For school coaches, this could include establishing your ability to bench or suspend any athlete for misconduct. This might help if, for example, you have to bench your star player for skipping too many practices, but he gets reinstated by the school administrator who wants the team to win the statewide championship. “Things like that undermine a coach’s authority and can lead to burnout or worse,” says Chapman.
How to set boundaries with your own goals
It might sound strange to set boundaries around yourself, but when it comes to goal-setting, you do need to set some healthy expectations around performance and outcomes. If you don’t create a boundary between how the team performs and your personal goals for coaching, you’ll often end up frustrated and/or putting too much pressure on yourself or the team.
“As a coach, your goals shouldn’t be focused on the team’s outcomes in competition,” Chapman says. “Instead, coaches need to set goals that show that their coaching is working and improving. This might include practical process goals like boosting percentages of shots made in a game, but it can also include things like communicating your emotions effectively as a coach and helping your players do the same. A process goal for that could be deciding that at least once in every single team meeting, you ask athletes, ‘What is an emotion you experienced today at practice? How did you respond?’” Make sure that your goals enhance team culture and help your athletes develop as both athletes and humans. It’s also beneficial to communicate these goals to others, especially administration, to ensure that your values are aligned.
Owning your mistakes
As a coach, ensuring that your athletes don’t view you as an infallible, always-perfect person is important for both their wellbeing and your own. It’s tempting to set up a boundary that blocks athletes from seeing any part of you that’s imperfect, but that kind of boundary isn’t healthy for anyone. “Know when you need to show your athletes that you’ve messed up, since that lets them see it’s okay to make mistakes and that it’s important to own those mistakes,” Chapman says. “It’s also important to know when to apologize, and when to let athletes know you’re struggling.”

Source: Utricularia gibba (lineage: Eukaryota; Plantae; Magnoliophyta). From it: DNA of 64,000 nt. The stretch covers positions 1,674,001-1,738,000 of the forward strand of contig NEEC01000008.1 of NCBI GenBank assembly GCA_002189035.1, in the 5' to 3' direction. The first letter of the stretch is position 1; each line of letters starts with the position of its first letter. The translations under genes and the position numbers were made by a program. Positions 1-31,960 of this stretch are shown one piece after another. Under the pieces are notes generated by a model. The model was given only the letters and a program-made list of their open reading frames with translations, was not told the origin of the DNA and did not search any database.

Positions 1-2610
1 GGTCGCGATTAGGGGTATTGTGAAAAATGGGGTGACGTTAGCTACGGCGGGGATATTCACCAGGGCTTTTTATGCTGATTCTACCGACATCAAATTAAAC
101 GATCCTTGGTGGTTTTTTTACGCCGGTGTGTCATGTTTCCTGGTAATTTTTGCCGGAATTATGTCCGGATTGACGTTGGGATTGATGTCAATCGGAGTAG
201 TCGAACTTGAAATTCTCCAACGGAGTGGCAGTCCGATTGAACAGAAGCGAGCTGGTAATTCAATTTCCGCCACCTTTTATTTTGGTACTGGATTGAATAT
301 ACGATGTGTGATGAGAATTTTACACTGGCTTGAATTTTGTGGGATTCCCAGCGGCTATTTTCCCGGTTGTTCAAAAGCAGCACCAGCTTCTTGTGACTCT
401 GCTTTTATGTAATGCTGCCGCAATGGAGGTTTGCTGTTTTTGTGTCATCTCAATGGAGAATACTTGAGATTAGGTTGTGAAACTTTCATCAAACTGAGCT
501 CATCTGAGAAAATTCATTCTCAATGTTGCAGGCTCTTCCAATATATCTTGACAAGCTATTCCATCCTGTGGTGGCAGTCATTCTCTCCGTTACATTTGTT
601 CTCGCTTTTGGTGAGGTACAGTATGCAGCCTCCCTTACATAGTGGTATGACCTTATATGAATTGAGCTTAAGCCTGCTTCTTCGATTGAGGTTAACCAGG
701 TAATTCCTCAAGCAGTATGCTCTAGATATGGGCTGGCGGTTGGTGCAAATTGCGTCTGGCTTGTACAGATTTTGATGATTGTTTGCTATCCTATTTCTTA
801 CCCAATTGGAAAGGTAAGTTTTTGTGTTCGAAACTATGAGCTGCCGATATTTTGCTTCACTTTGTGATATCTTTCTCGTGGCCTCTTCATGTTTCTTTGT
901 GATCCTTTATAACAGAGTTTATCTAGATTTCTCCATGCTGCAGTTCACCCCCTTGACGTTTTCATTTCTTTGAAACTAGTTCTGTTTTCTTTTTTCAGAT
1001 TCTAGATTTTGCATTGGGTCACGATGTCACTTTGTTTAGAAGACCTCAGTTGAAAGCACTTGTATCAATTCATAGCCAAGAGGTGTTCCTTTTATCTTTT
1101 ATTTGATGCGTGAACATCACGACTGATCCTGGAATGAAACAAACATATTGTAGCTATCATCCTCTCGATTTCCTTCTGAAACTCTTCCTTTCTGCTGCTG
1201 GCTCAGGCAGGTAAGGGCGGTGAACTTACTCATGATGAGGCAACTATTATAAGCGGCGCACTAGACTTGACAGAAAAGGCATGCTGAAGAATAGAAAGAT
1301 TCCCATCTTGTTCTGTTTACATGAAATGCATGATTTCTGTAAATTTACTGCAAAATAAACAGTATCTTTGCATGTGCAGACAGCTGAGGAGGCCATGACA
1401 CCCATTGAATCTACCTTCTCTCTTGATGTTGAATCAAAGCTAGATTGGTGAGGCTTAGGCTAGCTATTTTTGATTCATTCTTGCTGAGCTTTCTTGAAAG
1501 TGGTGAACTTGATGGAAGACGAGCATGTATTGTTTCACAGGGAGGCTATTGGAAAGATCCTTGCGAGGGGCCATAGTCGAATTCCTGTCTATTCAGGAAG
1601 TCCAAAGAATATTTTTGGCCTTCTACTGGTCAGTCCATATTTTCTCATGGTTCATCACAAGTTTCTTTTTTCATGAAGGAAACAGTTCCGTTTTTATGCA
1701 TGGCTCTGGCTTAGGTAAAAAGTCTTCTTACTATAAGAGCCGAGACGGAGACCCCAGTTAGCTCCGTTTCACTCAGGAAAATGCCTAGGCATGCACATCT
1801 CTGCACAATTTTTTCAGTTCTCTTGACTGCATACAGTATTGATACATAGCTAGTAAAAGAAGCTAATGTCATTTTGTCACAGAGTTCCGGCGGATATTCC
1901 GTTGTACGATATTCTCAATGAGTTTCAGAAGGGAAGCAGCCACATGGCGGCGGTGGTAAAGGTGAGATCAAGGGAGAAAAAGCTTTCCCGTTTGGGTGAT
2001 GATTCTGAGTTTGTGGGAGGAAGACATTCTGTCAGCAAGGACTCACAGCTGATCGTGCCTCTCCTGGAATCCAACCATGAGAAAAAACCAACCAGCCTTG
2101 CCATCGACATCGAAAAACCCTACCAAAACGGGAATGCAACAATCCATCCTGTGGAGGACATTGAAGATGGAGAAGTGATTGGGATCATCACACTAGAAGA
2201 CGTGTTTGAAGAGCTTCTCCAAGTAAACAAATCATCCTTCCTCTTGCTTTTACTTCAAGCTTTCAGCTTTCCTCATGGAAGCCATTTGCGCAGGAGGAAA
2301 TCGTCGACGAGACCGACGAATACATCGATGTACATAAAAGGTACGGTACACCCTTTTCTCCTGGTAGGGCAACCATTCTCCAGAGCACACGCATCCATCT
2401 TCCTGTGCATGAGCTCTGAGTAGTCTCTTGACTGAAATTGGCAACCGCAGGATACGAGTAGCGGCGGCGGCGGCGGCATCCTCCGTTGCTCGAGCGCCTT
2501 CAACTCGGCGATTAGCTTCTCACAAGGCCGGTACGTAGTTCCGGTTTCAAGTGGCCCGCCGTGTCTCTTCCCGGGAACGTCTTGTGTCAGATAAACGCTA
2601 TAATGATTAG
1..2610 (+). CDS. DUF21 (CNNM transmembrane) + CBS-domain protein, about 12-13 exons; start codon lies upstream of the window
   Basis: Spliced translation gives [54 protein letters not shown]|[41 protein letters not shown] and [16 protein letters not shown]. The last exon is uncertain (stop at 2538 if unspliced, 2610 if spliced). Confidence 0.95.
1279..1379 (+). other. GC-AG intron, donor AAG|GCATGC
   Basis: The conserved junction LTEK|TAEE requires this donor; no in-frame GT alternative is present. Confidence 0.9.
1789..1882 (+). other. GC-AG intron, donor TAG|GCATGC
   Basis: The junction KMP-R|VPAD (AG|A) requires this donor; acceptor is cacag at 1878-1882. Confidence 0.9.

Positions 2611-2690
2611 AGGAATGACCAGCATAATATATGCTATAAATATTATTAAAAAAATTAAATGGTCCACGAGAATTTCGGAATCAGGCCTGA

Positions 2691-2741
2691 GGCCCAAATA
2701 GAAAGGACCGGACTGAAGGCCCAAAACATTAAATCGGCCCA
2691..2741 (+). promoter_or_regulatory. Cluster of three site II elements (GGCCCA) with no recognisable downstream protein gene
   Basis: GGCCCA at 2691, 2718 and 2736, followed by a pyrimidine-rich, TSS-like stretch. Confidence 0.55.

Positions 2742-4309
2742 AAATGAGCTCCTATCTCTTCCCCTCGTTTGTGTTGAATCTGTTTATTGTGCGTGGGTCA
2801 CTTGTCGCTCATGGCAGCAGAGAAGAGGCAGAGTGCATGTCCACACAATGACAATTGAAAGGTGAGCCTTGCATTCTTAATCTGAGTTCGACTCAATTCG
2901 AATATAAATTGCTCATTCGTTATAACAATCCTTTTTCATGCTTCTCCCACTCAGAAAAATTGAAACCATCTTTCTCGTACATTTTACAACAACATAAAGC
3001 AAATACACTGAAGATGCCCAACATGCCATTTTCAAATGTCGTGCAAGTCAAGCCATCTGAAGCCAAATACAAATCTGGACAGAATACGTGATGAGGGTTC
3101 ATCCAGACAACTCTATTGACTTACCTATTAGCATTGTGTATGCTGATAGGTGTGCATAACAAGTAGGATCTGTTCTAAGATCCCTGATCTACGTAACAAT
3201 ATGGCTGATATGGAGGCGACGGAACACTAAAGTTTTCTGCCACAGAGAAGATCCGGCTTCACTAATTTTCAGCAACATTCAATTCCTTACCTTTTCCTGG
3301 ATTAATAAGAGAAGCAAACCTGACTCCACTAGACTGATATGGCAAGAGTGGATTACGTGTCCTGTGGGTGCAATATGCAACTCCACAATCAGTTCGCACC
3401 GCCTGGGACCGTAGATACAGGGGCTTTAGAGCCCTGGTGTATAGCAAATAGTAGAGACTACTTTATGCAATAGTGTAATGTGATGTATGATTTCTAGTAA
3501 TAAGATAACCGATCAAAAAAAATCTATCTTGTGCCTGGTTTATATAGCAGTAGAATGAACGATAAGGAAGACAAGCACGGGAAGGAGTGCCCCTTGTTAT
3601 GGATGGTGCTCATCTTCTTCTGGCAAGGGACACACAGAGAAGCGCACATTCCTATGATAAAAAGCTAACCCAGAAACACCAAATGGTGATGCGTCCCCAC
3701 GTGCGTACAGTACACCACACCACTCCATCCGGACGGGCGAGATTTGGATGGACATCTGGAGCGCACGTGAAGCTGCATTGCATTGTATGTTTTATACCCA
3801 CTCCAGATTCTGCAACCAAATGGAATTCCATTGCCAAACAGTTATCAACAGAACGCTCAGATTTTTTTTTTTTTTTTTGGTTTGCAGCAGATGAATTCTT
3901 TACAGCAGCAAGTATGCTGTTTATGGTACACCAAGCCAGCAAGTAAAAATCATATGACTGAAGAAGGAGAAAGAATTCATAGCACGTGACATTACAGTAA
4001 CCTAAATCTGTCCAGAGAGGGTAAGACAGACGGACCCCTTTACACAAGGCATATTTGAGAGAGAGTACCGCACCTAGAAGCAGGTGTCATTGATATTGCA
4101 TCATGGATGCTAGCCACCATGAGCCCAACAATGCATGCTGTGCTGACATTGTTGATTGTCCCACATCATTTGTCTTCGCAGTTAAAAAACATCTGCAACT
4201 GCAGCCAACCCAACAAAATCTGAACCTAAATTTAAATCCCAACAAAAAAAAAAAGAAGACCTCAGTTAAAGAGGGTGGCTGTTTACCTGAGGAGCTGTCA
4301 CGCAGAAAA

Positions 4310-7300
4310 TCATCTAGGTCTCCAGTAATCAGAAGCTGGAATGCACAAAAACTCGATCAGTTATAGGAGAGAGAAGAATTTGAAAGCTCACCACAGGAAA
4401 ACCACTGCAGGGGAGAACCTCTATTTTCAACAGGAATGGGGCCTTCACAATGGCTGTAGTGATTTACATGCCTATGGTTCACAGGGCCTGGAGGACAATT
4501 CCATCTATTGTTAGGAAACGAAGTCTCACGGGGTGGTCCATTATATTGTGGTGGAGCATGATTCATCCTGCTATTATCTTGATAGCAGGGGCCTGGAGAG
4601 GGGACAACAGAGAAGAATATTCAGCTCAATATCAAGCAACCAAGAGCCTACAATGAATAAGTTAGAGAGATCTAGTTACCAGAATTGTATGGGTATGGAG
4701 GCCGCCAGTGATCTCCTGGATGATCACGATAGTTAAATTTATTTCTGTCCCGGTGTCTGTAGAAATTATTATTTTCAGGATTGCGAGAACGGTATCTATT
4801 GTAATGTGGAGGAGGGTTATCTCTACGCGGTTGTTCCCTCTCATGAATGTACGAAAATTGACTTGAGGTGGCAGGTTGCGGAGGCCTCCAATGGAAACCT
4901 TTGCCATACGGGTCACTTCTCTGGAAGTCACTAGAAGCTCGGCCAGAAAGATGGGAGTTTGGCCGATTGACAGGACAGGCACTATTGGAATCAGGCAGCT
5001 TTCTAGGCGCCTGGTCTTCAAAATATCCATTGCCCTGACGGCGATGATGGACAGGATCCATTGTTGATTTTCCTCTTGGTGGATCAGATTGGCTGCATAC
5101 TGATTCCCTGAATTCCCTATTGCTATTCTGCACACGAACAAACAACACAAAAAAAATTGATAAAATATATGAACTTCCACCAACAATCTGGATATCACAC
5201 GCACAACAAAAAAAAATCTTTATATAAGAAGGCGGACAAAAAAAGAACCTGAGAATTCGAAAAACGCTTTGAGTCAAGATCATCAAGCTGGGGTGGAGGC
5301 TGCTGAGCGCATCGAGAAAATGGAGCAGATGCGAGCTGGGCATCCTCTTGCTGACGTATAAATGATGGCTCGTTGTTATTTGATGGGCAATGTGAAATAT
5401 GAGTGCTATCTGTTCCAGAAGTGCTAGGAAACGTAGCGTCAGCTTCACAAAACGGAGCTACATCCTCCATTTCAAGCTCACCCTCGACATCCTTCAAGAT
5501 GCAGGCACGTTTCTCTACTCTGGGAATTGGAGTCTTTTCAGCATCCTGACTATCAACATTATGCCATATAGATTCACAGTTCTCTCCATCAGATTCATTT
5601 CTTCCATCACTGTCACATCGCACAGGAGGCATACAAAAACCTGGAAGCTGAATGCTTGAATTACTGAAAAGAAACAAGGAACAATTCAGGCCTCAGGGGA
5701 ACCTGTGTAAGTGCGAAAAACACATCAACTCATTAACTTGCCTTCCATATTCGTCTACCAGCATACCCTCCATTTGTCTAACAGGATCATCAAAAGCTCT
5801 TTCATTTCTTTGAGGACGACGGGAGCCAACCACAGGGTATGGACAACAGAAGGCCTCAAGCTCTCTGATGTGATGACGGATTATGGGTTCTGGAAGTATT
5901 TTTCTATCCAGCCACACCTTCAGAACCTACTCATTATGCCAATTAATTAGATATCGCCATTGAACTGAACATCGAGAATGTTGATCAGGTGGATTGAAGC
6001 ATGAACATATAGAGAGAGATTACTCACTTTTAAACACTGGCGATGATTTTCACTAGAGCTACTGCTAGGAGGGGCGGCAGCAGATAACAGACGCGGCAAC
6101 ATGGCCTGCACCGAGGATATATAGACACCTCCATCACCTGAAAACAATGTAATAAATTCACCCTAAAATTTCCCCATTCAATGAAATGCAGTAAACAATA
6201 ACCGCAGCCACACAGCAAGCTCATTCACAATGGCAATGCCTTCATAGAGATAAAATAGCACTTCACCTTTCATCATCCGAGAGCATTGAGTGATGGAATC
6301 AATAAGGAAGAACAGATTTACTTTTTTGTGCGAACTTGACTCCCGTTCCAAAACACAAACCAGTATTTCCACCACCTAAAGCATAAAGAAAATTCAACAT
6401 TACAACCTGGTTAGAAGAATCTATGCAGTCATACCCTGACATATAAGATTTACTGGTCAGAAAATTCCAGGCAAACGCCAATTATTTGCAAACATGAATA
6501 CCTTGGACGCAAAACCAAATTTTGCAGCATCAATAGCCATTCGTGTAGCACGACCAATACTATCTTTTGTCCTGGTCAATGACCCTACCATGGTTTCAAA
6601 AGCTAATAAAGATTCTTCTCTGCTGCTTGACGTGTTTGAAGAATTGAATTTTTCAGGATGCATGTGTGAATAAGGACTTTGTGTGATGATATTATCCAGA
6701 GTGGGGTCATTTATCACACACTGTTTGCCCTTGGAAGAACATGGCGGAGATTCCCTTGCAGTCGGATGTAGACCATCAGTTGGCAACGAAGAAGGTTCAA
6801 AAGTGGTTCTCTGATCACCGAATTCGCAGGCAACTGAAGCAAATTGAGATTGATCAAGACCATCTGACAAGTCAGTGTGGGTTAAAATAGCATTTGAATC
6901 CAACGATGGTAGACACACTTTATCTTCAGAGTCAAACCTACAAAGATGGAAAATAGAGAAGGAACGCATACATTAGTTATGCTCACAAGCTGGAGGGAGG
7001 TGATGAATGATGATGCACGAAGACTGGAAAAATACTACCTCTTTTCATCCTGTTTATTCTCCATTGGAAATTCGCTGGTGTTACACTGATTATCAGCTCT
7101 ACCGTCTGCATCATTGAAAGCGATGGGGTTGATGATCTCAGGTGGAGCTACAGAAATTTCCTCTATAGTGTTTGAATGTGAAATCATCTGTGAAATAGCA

Of course, this is context dependent: You likely don’t need to apologize to your kindergarten soccer team for a call you made that caused them to lose the game. But you could explain a mistake you made in designing a play to your high school football team.
The importance of sticking to your boundaries
Boundaries only work when they’re clearly defined and respected—most importantly, when they’re respected by you. It’s tempting to allow for exceptions, such as a late night call with your star athlete who’s going through a tough time, but that doesn’t do you or your team any favors in the long run.
As a coach, it may feel like you struggle to find the right boundaries, and to maintain them. But by setting clear boundaries and expectations early, you’re not only helping yourself and your mental health, you’re helping your team members, parents, and school administration.
TrueSport®, a movement powered by the experience and values of the U.S. Anti-Doping Agency, champions the positive values and life lessons learned through youth sport. TrueSport® inspires athletes, coaches, parents, and administrators to change the culture of youth sport through active engagement and thoughtful curriculum based on cornerstone lessons of sportsmanship, character-building, and clean and healthy performance, by creating leaders across communities through sport.